To investigate the putative genotoxic potential of e-cig vapour, we considered various genetic endpoints at chromosomal and gene level in rat peripheral blood and urine, which served as body collectors of mutagenic metabolites. We observed that e-cigs produce extensive DNA damage in leukocytes measured as tail comet length of the fragmented DNA determined by single- and double-strand breaks (Fig. 3a,b). These data are in line with previous in vitro outcomes on HaCaT, UMSCC10B, and HN30 cell lines exposed to nicotine-containing and nicotine-free vapour extracts from two popular e-cig brands24. We also found that e-cig vapour determines an increase in the percentage of immature micronucleated reticulocytes (MN-RET) over normal reticulocyte RT (Fig. 3c,d). These results indicate that the mixture of chemical compounds generated by e-cigs leads to chromosome fragmentation and possibly damage to the mitotic spindle or centromeres. We observed a concomitant severe hematopoietic depression on exposed rats (Fig. 3e). Next, the urine of e-cig-exposed animals induced a dose-dependent increase in the number of S. typhimurium revertants in different strains. The highest sensitivity was shown by the TA100 strain (Fig. 3f), revealing base substitutions, and YG1024 (Fig. 3g), disclosing frame-shift mutations with an increased sensitivity to nitroarenes and aromatic amines. Mutant induction was affected by the S9 external metabolic activation system, suggesting both mutagenic and promutagenic metabolites in the urine.
Despite its shortcomings, the work presented here strongly raises the possibility that e-cig consumption under certain conditions leads to toxicological outcomes directly and indirectly damaging DNA in the rat. As shown in Table 1, our GC/MS analysis of the vapour was consistent with the literature3 confirming the presence, among others, of acrolein, toxic and mutagenic compounds25. However, our study currently precludes any cause-effect speculation, ascribing responsibility for the effects detected to the vapour as a whole rather than the single components. Our results should be construed as stemming from a preliminary study which was not conceived to replicate human vaping conditions, but to demonstrate if exposure to the chemical cocktail derived from e-cig liquid vaporization can result in toxicological injury.
As these detrimental phenomena are typically induced by conventional cigarettes26,27,28, the erroneous belief that e-cigs are safe should be retracted and suitable measures implemented to protect public health. Our study should be seen as the starting point for further investigations designed to confirm the harmful health impact of e-cigs, and a thorough analysis of their risk-benefit ratio, particularly after long-term exposure and under different usage conditions.
Materials and Methods
E-cigarette and liquid refills
The electronic device (e-cigarette) was composed of a 2.5 mL liquid tank in Pyrex glass and a rechargeable lithium battery (3.7 Volt EH IMR 18650; 2000 mAh), coupled with a dual coil atomizer (2 Ohm stainless steel resistance). The liquid used was purchased from BandZ S.r.l., (Pisa, Italy). The commercial brand is “Essential cloud, red fruit flavour”, 20 mL package, composition per 100 g of product: propylene glycol Ph.Eur., vegetable glycerine Ph.Eur., deionized water, flavours (“red fruits”), nicotine (18 mg/mL). Both e-cigarette and liquid refills were commercially available. The voltage was set at 5.5 V and the wattage was about 15 W.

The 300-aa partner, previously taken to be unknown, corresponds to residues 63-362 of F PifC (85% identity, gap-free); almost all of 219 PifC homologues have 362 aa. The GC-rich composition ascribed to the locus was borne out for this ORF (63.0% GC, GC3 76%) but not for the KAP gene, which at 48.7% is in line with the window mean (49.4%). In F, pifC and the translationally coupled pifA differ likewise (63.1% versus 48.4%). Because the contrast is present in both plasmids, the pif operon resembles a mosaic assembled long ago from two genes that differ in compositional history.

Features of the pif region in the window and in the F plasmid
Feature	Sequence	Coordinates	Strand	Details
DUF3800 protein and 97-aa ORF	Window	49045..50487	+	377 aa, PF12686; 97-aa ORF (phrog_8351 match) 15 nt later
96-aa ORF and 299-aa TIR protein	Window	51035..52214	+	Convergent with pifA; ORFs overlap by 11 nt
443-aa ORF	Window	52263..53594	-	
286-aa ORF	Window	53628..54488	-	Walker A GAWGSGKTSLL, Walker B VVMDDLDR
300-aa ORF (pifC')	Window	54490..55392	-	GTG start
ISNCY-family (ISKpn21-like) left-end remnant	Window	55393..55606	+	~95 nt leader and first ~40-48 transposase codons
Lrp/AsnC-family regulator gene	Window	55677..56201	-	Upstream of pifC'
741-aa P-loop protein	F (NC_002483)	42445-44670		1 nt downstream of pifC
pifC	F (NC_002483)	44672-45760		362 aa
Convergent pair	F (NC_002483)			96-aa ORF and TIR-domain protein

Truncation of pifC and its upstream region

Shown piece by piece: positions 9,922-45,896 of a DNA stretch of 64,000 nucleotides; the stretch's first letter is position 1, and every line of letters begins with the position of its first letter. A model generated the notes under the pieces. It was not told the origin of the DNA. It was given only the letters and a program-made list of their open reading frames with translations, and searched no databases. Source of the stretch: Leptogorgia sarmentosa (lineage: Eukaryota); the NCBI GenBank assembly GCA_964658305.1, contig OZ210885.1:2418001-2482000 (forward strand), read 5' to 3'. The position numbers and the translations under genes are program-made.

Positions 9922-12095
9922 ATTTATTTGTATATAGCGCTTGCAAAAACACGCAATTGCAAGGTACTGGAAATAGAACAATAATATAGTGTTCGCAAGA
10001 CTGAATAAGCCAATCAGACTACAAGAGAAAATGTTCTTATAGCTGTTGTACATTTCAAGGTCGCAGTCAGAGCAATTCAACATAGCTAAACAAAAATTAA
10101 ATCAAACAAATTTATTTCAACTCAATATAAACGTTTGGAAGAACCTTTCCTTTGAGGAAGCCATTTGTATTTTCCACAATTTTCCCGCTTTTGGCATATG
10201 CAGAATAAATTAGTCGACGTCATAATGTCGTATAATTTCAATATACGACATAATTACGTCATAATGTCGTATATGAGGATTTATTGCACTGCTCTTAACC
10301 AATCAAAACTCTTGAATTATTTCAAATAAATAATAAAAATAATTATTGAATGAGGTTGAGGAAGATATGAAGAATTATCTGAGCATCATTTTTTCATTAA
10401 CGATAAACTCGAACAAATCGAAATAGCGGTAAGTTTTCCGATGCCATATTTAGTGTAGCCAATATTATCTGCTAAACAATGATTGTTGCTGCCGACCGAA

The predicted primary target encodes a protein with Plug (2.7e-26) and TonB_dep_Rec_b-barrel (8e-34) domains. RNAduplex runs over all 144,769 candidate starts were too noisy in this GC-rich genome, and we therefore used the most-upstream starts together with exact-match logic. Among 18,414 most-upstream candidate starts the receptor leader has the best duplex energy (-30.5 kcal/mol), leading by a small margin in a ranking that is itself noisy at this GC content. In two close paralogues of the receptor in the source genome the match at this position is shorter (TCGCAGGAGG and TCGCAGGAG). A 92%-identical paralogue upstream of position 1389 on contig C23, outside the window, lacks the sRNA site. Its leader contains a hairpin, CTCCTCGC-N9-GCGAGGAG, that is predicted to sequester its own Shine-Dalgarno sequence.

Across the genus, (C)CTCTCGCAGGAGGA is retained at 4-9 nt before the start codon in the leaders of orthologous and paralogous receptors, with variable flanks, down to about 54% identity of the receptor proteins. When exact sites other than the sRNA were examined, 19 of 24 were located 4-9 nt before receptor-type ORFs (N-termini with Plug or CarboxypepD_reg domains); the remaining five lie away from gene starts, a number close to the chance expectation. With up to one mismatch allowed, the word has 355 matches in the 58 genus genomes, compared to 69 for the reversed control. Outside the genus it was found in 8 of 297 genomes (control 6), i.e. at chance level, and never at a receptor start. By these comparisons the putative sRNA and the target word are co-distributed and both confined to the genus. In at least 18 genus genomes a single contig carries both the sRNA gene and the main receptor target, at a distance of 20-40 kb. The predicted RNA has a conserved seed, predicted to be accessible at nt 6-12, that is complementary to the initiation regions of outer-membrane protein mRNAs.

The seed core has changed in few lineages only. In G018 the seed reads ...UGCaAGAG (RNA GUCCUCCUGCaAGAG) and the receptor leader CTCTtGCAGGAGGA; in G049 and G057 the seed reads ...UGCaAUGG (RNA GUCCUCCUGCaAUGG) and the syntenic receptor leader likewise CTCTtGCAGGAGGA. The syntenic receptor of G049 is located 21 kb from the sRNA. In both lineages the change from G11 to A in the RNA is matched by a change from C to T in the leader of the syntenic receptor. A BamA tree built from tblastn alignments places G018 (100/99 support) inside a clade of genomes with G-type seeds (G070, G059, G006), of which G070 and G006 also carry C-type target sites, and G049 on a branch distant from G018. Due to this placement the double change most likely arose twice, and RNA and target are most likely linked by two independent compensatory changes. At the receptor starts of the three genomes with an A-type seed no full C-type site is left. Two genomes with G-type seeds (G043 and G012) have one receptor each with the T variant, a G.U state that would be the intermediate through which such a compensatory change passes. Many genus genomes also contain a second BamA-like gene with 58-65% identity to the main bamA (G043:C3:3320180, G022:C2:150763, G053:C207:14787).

Preliminary conditions and chamber assessment
Several chemical analyses were conducted to determine the best conditions for experimental animal exposure. In particular, O2, N2 and CO2 were measured in the exposure chamber using an airtight syringe to establish a suitable O2/CO2, O2/N2 ratio and nicotine level to avoid interference with animal health during the experiment. Air was sampled with a Hamilton airtight syringe (30 mL), immediately transferred into a 5-mL capped vial and injected into GC/MS (QP-2010 Plus, Shimadzu, Japan) equipped with A RTX-WAX column (30 m, 0.25 mm i.d., 0.25 μm film thickness, Restek, USA), interfaced with a computerized system for data acquisition (Software GC–MS Solution V. 2.5, Shimadzu, Japan). The essential condition for the experiment starting point was a modest decrease in oxygen level (less than 5%) and a slightly higher CO2 level after the entire exposure time.
Determination of total volatile compounds (VOCs)
Volatile compounds (VOCs) were extracted by headspace-solid phase microextraction (HS-SPME)29 and determined by GC–MS (QP-2010 Plus, Shimadzu, Japan), interfaced with a computerized data acquisition system (Software GC/MS Solution V. 2.5, Shimadzu, Japan), as reported by Cardenia et al.30 with a few minor modifications. An RTX-WAX column (30 m, 0.25 mm i.d., 0.25 μm film thickness, Restek, USA) and an SPME device with a fused-silica fiber (10 mm length) coated with a triphasic stationary phase (DVB/CAR/PDMS of 50/30 mm thickness), were used. The fiber was exposed to the chamber headspace after 17 s of puff (6 s on, 5 s off, 6 s on) for 1 min. Thereafter, the fiber was withdrawn into the needle and transferred to the injection port of the GC/MS system. The chamber headspace was sampled in three different positions (in triplicate) in the first and last chamber of the cycle exposure treatment. Samples were analysed under the same analytical conditions previously reported14. The acquisition and integration modes were Full Scan (TIC). Compounds were identified by comparing their mass spectra with those reported in the NIST08 (National Institute of Standards and Technology, Gaithersburg) library.